• The results of the survey of large performers conducted for Montreal International and the Toronto Region Research Alliance and attached as an Appendix 1.
  • Our years of experience with our clients who are claiming under the program, many of whom spend every dollar received under the program on incremental R&D spending

The SR&ED program allows all taxpayers to access the program and to choose where to invest their R&D dollars. This universality of access is one of the key characteristics of the SR&ED program.  Furthermore, it is the undertaking of SR&ED that matters. Success or failure of the work undertaken is not a criterion. This allows companies the freedom to take risks on new unproven technologies and encourages innovation.  Both of these features recommend the SR&ED program over direct grants and incentives that are targeted to specific industries or technologies and require applicants to demonstrate economic benefits.[5]

However, we don’t believe that the program is effective for all large companies performing R&D.  For example, the benefits of the program are eroded for Canadian subsidiaries of U.S. companies by the U.S. foreign tax credit legislation. In this case, the benefits of the program only represent a timing difference to the Canadian company as they are clawed back when dividends are paid to their U.S. parent. This is a major issue as Statistics Canada reports that 26 per cent of corporate profits and 30 per cent of revenues in Canada were earned by foreign companies in 2007.

In addition, as the incentives are treated as reduction of tax for accounting purposes rather than a reduction of the costs to which they relate, the benefits of the program are invisible to the R&D performer. Some, but not all, companies reallocate the R&D incentives to the R&D performer for budget purposes.

What is the impact of these issues on the effectiveness of the program in stimulating additional R&D investment? The survey conducted by Deloitte for Montreal International and the Toronto Research Alliance found that 58% of the large companies interviewed factor the SR&ED incentives in making their investment decisions. It should be noted that the survey was significant in that it covered 43 companies in Ontario and Quebec in the advanced manufacturing, information communication technology and pharmaceutical sectors. The companies surveyed are estimated to be responsible for 25% of all R&D expenditures in Canada and 15% of all R&D personnel in Canada. The employment number includes only direct employment and the percentage would be higher if subcontractors to these entities were included. Seventeen of the companies interviewed are ranked in the top 50 Global companies by R&D investment.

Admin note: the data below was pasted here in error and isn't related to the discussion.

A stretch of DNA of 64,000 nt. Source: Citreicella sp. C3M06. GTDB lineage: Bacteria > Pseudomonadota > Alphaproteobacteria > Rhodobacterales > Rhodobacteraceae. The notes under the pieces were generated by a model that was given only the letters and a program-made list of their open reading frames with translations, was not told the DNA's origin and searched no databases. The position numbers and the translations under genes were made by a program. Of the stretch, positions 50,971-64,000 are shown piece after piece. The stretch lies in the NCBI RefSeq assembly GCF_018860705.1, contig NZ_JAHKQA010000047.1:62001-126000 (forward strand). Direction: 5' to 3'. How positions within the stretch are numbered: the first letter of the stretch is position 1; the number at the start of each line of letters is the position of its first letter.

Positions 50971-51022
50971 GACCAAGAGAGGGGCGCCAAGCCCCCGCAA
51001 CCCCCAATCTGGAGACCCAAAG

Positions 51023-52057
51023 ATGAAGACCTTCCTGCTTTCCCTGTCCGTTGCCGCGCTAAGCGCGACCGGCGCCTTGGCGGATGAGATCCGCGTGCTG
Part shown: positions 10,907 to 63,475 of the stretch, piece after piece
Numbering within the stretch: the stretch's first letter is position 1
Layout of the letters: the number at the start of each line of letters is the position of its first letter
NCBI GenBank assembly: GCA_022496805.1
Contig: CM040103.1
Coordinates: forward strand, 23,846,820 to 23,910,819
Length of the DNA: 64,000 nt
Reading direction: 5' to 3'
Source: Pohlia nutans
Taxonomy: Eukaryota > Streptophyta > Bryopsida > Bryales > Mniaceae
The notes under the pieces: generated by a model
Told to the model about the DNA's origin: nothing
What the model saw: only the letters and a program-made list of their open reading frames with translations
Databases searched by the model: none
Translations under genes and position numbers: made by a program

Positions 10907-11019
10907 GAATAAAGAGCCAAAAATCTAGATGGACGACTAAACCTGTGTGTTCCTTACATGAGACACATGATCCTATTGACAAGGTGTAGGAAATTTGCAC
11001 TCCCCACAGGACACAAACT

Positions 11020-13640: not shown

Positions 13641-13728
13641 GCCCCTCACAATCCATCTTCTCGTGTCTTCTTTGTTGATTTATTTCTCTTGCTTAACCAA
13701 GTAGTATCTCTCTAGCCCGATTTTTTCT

We believe that the SR&ED program can be more effective and the percentage of companies using the SR&ED incentives to stimulate additional R&D investment can be increased by introducing full of partial refundability of SR&ED investment tax credits earned. While the SR&ED program offers tax credits at a generous rate, “for Canada to stay competitive and maintain and create quality employment opportunities for an educated work force, it is essential that we enhance the economic impact of our SR&ED incentives.  We recommend that the investment tax credit become partially refundable as it is in many countries and in certain provinces of Canada.  Currently, only Canadian-controlled private corporations (whose income does not exceed the specified limit) may claim a refundable credit.  Expanding the refundable credit to all businesses would appropriately reward the risks inherent in carrying out SR&ED in Canada.  This would send a strong message to foreign companies seeking appropriate sites for new investment opportunities.

Refundability enhances predictability regarding timing of the benefits particularly for companies that are not currently paying tax.  This will have positive impact on investment decisions as investors can clearly see the matching of risk and reward.  This is particularly relevant to US-based multi-national enterprises for which the interplay of the Canadian and US tax regimes makes a non-refundable credit less relevant.  From an accounting perspective, a refundable credit is preferable as it is considered an increase in EBIT (reduction in cost).  In terms of the delivering the refunds, different models may be considered.  For example, refunds could be withheld pending review and assessment.  Alternatively, refunds could be issued after a certain time period has elapsed and the tax credits have not been used to reduce taxes payable”[6] (similar to the rules in France.).  Another model would deliver the refunds through payroll tax offsets.  For a more detailed analysis of our comments on the effectiveness of the program and our recommendation on refundability, see the paper entitled “Innovation and the SR&ED Program” attached as Appendix 5.[7]